Date of Award

5-10-2017

Degree Type

Dissertation

Degree Name

Doctor of Philosophy (PhD)

Department

Risk Management and Insurance

First Advisor

Glenn W. Harrison

Second Advisor

Stephen Shore

Third Advisor

Alejandro Del Valle

Fourth Advisor

Daniel J. Clarke

Abstract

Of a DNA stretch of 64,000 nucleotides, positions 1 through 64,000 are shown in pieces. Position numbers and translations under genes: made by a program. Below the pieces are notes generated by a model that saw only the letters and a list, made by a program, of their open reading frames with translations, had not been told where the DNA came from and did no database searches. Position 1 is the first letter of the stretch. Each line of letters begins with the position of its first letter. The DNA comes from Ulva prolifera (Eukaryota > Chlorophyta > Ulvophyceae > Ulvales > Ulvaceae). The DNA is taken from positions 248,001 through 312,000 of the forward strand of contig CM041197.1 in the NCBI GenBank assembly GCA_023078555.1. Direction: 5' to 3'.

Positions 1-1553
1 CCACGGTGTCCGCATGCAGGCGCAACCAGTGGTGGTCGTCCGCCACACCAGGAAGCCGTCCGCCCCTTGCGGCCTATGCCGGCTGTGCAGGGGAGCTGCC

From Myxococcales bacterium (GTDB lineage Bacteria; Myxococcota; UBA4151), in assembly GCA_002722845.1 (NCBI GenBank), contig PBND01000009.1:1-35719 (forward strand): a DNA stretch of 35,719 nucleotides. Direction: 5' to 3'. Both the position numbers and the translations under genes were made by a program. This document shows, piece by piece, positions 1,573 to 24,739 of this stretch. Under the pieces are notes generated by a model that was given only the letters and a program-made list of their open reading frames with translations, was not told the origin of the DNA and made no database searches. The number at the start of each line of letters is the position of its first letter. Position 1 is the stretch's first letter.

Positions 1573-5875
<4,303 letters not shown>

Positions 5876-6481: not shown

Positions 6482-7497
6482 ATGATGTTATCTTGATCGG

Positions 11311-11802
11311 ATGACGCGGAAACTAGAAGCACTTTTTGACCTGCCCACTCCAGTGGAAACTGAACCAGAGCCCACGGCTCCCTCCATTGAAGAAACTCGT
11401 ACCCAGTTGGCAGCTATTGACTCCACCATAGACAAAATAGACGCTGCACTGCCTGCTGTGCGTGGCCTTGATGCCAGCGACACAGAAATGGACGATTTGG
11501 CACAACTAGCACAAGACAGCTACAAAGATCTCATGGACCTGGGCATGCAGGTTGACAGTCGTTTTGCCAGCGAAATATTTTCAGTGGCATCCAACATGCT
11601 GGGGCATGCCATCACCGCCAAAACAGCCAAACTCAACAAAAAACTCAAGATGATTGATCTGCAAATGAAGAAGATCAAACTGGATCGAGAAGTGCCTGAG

This thesis uses laboratory experiments to develop a methodology to estimate the expected welfare benefits of insurance for individuals, conditional on their risk preferences. This methodology is then applied to study the welfare effects of issues that impact microinsurance, or insurance for the poor. The first result is that insurance take-up not a good proxy for the expected welfare gain of an individual’s choice to purchase or not to purchase insurance. The second result is that basis risk reduces the welfare obtained from index insurance. This welfare is significantly improved by having greater behavioral consistency with the Reduction of Compound Lotteries axiom. Finally, the risk of contract non-performance from the insurer significantly reduces the welfare obtained from insurance purchase decisions.

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